Practical .NET

Leverage Joins in Entity Framework To Get Just the Data You Want

Every once in a while you'll need to use the LINQ Join to get the data you want.

By and large, I tell developers they won't use the LINQ Join clause because you always can just follow the navigation properties that link one entity to another. But that's not always true.

Let's say, for example, that you want to retrieve all of the SalesOrderDetails for SalesOrders that have a delivery date in the future. You could write this query to follow the SalesOrderDetail navigation property to get to the SalesOrderDetails:

Dim sods = From so In db.SalesOrders.Include(Function(so) so.SalesOrderDetails)
           Where so.DueDate > DateTime.Now
           Select so.SalesOrderDetails

Under the hood, Entity Framework will use a SQL Join to tie together the SalesOrder and SalesOrderDetail tables, but you don't have to use a LINQ Join in your query.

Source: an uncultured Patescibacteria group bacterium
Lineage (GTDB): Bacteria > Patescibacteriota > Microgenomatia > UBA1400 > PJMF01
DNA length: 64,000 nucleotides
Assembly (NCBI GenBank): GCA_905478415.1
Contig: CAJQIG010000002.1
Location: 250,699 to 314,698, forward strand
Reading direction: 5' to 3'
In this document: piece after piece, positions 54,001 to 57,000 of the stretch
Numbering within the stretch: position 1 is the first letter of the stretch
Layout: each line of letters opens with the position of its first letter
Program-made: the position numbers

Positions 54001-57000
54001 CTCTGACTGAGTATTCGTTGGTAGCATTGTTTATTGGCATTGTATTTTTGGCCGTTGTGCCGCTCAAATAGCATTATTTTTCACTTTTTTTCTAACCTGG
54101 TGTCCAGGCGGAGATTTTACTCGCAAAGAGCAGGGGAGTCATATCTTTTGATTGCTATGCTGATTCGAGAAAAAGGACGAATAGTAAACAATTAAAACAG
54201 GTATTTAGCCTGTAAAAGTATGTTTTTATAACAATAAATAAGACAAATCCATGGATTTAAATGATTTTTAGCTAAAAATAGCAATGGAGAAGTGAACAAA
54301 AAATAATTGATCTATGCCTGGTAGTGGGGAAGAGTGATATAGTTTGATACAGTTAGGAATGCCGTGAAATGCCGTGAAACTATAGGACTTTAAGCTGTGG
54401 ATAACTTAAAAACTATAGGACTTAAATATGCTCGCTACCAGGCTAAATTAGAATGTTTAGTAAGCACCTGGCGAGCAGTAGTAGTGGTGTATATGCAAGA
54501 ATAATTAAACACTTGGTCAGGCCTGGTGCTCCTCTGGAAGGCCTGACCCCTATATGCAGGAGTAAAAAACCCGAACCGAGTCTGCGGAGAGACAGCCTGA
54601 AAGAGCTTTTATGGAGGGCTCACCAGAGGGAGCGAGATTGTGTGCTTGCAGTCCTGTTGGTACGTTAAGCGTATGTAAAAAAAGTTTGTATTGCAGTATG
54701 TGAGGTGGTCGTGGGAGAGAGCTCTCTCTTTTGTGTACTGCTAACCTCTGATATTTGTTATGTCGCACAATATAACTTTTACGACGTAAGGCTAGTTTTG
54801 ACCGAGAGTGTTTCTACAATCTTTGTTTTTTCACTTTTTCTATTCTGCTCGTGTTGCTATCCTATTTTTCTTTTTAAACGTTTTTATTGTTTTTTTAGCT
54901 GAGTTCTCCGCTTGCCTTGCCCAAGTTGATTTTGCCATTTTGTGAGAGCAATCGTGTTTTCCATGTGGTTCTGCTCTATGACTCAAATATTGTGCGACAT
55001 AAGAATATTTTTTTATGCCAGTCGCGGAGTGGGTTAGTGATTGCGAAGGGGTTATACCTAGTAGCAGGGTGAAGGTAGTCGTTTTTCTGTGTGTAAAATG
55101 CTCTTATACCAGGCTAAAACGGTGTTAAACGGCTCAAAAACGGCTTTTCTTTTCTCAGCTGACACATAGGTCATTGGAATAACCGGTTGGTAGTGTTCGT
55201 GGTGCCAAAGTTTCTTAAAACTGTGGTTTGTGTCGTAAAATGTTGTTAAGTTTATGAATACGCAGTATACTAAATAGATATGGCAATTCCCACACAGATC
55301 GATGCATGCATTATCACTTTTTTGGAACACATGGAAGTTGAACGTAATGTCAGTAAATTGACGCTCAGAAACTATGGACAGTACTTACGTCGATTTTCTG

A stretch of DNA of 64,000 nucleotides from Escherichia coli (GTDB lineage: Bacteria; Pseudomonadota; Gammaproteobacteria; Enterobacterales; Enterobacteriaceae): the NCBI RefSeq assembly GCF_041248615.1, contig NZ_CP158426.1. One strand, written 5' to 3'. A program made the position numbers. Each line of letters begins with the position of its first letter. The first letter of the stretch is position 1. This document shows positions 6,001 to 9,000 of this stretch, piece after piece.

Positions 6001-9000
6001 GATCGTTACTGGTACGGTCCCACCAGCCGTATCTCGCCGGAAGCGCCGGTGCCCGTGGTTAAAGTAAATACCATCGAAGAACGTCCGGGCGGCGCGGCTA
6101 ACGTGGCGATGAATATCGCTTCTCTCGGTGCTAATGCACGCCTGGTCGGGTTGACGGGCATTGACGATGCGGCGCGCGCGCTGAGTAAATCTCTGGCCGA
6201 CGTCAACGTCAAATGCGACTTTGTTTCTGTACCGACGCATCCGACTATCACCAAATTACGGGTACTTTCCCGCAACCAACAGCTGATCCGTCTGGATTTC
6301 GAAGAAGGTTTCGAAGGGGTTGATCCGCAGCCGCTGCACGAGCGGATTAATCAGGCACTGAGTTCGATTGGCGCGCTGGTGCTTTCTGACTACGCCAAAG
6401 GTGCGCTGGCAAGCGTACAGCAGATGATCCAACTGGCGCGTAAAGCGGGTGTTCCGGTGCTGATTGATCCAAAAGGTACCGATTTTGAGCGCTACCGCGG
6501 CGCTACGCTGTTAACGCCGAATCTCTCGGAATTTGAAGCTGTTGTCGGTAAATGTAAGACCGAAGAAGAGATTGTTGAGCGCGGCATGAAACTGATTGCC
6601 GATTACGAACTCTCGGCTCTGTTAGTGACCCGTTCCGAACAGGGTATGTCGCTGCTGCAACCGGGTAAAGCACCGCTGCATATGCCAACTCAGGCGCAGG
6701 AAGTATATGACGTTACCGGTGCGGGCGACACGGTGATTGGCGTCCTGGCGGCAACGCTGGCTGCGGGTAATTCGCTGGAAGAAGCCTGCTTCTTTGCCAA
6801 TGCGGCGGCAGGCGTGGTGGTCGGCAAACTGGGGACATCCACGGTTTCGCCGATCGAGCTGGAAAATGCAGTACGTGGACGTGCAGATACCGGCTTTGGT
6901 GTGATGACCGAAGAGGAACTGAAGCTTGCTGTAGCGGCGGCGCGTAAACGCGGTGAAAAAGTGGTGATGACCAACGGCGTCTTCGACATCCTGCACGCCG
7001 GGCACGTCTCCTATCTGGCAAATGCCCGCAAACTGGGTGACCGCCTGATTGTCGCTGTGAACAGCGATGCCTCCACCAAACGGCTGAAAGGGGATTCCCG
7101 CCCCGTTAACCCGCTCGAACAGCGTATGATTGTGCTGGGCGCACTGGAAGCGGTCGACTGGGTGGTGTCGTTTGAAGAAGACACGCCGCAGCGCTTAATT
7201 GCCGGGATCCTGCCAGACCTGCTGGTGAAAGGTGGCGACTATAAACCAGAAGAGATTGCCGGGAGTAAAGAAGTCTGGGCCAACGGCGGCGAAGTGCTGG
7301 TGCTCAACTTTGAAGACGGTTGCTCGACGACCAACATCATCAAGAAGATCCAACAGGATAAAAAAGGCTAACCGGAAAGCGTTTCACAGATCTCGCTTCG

This will work fine ... but let's make the query more complicated: You don't want all of the SalesOrderDetails -- you only want SalesOrderDetails that have their IsDiscounted property is set to True. Unfortunately, you can't do a "conditional include" to retrieve just those SalesOrderDetails. If you stick with the query I just showed then you could, potentially, retrieve a lot of SalesOrderDetails that you don't want.

In this case, a LINQ Join is probably the best way to get just the data you want:

Dim sods = From so In db.SalesOrders
           Join sod In db.SalesOrderDetails
             On so.SalesOrderId = sod.SalesOrderID
           Where so.DueDate > DateTime.Now And
                 sod.IsDiscounted = True
           Select sod

If you're familiar with SQL this syntax will look very familiar, the one "addition" being the In keyword in the Join clause that establishes the variable name for referring to the SalesOrderDetails.

About the Author

Peter Vogel is a system architect and principal in PH&V Information Services. PH&V provides full-stack consulting from UX design through object modeling to database design. Peter tweets about his VSM columns with the hashtag #vogelarticles. His blog posts on user experience design can be found at http://blog.learningtree.com/tag/ui/.

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